45. 45. Italian Case History Physical limitations for a full development of brands, especially for followers
  46. 46. Italian Case History ITALIA DISTRIBUZIONE • 30 decisional points • All channels (Modern Distrib. – Organiz. Trade – Wholesalers) and formats/stores (H-S) covered • Almost 2000 PoS to serve The first «Centrale d’acquisto» o SUPERCENTRALE are born Italian retailers’ structure becomes more complex and negotiation harder and stronger
  47. 47. Decisional levels are multiplied: «Who decides what» Global contract, List price Contract, Assortment, Listing, Special Project, National Promotional Plan Contract, Assortment, Listing, Special Project, Local Promo Plan, Orders Contract, Listing, Special Project, Local Promotions, Orders, Merchandising Italian Case History
  48. 48. • The power is completely in the Retail hands RetailerSupplier • Strong Concentration but • fake alliances • Negotiations are inefficient, • very expensive and unproductive • Trade investments explode Over 70% of A&P Budget 106,8 117,8 127,4 125,3 136,9 145,8 90 100 110 120 130 140 150 1998 1999 2000 2001 2002 2003 A lot of economic and human resources are dispersed Italian Case History 87% mkt share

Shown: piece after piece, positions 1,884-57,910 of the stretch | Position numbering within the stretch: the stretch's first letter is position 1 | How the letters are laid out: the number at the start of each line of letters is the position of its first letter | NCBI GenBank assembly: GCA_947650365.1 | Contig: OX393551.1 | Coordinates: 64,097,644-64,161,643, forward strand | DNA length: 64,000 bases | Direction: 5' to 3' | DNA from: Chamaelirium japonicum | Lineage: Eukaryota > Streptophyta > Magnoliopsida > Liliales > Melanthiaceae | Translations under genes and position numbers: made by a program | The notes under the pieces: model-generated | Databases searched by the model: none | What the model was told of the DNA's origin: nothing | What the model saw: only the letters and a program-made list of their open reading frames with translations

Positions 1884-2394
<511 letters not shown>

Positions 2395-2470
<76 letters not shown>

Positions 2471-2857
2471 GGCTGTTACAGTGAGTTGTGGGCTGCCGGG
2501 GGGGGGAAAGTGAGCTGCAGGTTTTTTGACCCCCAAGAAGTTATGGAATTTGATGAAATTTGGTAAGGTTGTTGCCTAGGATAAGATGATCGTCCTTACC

49. 49. Italian Case History but the world is going fast … even in Italy • Economic crisis and new technologies are changing consumer paradigms • Supplier and retailers lost sight of consumer that in meantime is finding his own way …it’s time of the new “2.0 Shopper” ! • Brand Loyalty and Store Loyalty are behind us